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The Answer Guy

By James T. Dennis, tag@lists.linuxgazette.net
Starshine Technical Services, http://www.starshine.org/

(?)Win '95 Hesitates After Box Has Run Linux?

From Frank & Mary Veldkamp on 15 Jul 1998 in the comp.unix.questions newsgroup

Hi Jim;

To let you in on what I have done:-

I have an AMD 586/133 processor, 24M RAM, 2 x HDD (2.5G and 635M) run Linux off the 635M and boot in with floppy using LILO.

Win95 is resident on the main 2.5G which is formatted as C: and D:,

The problem occurrs any time that Win is run from a restart, be it a warm boot (Ctrl-Alt-Del), full power off, or reset button.

Its as if its trying to ascertain what is on the second drive and can't. It finally allocates it as a 2nd CDRom drive. You can't access it or get any more info from it.

I've tried re-installing the OP/SYS and have tried it with Win95 on its own but the same thing happens.

(!)It sounds like this problem occurs with Win '95 regardless of whether Linux has been installed or not.
What sort of controller are you using? Is it IDE? SCSI? If it is IDE you'll want to double-check the settings with regards to "master/slave/standalone." If you have two IDE channels (pretty common these days) you might try putting the second drive on its own cable, on the other controller channel.
If this is a SCSI controller, double and triple check the ID's, any pin settings and options on the drives and the termination settings/resistor packs on the drives and on the controller, and any settings on the controller or accessible via its "setup program" (firmware or software).
In either case, try replacing the cables.
The 635Mb drive is pretty small these days. You might consider setting it aside and springing for an extra 2 or 4 Gb drive.

(?)If you can't help maybe you know of some one who can. I'm in no hurry and can manage other things without the solution, but any help you can give would be greatfully accepted.

Kind regards Frank.

(!)At 01:43 11/07/98 -0700, you wrote:

(?) Hi,

I'm sorry if you've had this one before and I don't want to waste your time but I've put Linux on for the first time and have no previous experience. I really put it on because I would like to learn something new. Anyway the problem is that when I boot to Win95 in which I have most of my programs, the first time that I try to do anything that requires reading of the hard-drives the computer stops responding for a considerable period. Some times up to 10 mins. Is this normal or can I bypass this problem with some sort of configuration. It's not too big a problem because it only happens once during any session but it is a pain in the @$#%^$. Your help would be greatly appreciated.

Many thanks

(!) If I understand you correctly you're saying that, since you installed Linux when you reboot into Win '95 your first subsequent access of the hard drive causes a hestitation of several minutes.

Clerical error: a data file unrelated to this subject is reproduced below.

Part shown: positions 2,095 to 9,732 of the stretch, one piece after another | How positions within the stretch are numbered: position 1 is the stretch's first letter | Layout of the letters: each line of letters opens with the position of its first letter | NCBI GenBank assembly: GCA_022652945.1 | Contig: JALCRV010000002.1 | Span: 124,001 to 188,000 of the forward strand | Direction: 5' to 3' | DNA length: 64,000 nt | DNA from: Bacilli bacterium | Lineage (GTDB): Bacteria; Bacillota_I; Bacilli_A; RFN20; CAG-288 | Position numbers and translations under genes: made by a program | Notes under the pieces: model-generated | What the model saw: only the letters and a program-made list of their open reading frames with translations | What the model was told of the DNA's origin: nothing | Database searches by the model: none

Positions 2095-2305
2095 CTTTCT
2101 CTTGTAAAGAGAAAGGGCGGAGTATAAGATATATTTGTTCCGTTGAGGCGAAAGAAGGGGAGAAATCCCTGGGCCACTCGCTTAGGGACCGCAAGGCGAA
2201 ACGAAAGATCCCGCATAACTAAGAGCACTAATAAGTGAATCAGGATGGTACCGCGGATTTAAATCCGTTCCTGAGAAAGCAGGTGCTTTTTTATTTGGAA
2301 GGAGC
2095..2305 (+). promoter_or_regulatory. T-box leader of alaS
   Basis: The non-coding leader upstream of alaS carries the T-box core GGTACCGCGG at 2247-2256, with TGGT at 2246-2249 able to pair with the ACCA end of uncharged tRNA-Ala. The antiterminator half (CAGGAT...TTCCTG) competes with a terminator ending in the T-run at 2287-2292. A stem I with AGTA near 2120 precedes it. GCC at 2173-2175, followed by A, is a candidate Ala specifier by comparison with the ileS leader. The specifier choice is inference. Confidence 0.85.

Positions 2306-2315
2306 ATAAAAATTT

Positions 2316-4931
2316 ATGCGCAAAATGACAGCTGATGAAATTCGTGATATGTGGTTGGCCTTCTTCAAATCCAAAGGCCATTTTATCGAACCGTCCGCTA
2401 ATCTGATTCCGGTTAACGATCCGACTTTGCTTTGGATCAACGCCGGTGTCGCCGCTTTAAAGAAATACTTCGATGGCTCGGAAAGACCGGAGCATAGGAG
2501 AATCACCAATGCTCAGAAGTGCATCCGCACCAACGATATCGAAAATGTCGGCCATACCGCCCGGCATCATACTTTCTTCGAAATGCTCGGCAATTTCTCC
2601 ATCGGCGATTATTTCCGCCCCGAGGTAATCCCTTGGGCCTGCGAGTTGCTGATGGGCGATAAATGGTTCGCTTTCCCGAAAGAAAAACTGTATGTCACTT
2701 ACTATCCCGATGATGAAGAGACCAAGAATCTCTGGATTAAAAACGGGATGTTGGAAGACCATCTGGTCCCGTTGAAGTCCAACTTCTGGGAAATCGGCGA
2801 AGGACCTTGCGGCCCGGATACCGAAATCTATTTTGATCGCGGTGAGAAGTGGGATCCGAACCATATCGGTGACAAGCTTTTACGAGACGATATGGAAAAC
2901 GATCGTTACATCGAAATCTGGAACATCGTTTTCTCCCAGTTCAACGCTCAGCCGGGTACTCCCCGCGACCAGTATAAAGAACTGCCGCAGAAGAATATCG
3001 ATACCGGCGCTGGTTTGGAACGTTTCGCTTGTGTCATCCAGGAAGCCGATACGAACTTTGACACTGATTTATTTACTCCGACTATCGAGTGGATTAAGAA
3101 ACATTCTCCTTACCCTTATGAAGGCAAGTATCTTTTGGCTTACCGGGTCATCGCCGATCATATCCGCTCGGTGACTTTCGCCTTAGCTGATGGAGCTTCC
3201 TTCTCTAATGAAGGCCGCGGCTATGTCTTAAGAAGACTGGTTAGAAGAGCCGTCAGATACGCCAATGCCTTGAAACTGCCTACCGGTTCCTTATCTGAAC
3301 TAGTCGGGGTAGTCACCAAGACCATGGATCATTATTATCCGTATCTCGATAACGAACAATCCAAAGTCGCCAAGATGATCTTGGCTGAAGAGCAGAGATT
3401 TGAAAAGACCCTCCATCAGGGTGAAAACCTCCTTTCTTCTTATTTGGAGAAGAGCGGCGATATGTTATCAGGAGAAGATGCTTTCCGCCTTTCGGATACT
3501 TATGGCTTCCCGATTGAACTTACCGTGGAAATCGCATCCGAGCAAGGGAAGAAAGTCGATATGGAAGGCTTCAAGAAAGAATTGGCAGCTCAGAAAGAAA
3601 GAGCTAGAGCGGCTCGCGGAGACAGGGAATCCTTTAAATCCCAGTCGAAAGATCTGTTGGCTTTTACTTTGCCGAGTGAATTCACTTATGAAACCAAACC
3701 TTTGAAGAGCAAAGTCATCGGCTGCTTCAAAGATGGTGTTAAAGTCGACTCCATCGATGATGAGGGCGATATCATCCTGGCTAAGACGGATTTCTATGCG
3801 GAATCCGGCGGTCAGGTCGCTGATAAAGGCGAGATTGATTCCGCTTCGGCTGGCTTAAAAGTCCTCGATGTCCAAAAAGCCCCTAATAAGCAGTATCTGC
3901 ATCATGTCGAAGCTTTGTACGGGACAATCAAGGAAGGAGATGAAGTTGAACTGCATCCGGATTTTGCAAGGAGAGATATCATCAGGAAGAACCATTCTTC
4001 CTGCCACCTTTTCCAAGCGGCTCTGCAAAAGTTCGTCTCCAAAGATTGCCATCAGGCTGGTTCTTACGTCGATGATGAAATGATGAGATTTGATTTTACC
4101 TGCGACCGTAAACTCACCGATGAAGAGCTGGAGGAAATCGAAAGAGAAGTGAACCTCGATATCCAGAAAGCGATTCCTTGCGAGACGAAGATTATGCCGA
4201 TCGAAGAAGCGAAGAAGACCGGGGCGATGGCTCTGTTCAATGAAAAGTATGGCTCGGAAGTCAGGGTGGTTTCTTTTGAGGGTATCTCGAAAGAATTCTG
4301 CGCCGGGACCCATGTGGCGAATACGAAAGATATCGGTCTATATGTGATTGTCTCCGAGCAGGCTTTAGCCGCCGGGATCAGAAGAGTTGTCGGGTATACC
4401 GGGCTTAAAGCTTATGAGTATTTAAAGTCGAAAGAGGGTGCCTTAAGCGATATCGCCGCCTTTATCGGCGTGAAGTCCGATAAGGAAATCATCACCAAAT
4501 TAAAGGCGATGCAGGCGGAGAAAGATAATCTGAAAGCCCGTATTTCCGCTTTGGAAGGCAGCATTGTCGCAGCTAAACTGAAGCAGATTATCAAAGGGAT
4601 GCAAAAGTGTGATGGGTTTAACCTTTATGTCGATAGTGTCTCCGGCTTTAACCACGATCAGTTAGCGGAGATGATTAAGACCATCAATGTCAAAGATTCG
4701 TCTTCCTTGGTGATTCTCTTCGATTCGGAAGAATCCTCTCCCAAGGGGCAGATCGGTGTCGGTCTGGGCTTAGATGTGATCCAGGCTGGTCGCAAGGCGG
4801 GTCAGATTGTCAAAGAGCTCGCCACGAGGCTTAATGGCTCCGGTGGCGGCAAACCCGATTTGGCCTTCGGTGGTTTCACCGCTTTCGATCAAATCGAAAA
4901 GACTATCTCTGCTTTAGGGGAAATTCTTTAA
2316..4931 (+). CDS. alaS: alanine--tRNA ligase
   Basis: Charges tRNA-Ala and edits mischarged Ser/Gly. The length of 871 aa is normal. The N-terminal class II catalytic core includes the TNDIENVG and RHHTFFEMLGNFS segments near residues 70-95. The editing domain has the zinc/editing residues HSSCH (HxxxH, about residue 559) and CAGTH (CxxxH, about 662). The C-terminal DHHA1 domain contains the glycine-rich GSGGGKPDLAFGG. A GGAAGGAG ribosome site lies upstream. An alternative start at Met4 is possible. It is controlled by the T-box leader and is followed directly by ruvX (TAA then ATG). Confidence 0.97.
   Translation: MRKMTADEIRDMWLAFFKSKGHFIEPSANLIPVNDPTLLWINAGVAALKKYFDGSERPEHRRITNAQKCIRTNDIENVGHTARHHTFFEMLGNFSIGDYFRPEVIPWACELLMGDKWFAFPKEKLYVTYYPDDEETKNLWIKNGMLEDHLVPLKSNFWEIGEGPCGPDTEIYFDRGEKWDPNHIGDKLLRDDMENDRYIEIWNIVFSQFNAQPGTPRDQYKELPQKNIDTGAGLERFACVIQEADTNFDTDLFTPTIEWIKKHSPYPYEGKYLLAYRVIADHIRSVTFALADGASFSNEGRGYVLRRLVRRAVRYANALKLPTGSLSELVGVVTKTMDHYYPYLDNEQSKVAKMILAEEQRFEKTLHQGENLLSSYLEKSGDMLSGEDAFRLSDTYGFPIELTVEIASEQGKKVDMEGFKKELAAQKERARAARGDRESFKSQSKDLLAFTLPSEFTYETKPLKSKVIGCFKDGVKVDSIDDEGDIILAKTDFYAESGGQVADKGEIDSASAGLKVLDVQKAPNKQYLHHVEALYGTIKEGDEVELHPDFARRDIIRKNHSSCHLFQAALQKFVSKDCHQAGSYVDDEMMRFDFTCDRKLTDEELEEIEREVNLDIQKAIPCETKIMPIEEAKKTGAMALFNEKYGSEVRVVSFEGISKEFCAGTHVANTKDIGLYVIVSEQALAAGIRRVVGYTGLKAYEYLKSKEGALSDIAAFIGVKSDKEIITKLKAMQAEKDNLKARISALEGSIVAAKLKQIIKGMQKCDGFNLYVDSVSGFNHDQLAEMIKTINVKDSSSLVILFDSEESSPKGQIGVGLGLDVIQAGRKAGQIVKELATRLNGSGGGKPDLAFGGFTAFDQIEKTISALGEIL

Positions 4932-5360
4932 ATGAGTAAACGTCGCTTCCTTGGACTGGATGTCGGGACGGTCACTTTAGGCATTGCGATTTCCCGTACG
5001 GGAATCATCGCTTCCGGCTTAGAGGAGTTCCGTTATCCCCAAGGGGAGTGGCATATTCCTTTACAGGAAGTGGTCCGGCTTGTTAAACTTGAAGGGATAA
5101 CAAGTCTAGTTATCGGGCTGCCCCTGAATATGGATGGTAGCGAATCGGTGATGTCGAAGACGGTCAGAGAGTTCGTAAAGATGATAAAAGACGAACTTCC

Is that a proper understanding?
If so I'd just simply be baffled.
Does that only happen after a "vulcan PC pinch" warm boot (Ctrl-Alt-Del), or after a hard boot (reset button on the case), or does it happen after a full power cycle (wait about 15 to 30 seconds between power off and powering back up)?
Does this happen only once? Or does it happen periodically?
I've seen some devices (ether cards mostly) that could "stay confused" through a hard boot. However, I can't imagine anything that Linux would do to your hardware that would cause this behaviour.
In cases like this (where something inexplicable is going on and the secondary OS seems to be involved) I suggest removing the new software (Linux) and testing again. If that doesn't work try backing up all of your data and doing an IPL (initial program load --- i.e. a complete re-installation of your system software).
Please note that Linux can run off of removable drives and can be loaded from a DOS prompt (Win '95 "Safe mode"). So, once you have your system behaving properly again you can explore alternative ways to access Linux that are even less likely to affect the rest of your system.
If you're really motivated, and you can isolate it to a particular module, driver, or application under Linux that is causing the problem, it will be very helpful. If you're really motivated, and more of a programmer than I, you might even track down and fix the bug --- since that's what the sources are for. At least you might try building a couple of different kernels (try stripping out everything except the disk/controller driver that applies to the controller on which you've installed your root filesystem -- leave out the the sound, and ether drivers, and boot up into single-user mode --- don't start X or xdm and just reboot back If the problem never occurs in this configuration then you can keep adding things back until the problem recurs --- or you've got Linux running the way you want).

Copyright © 1998, James T. Dennis
Published in Linux Gazette Issue 31 August 1998

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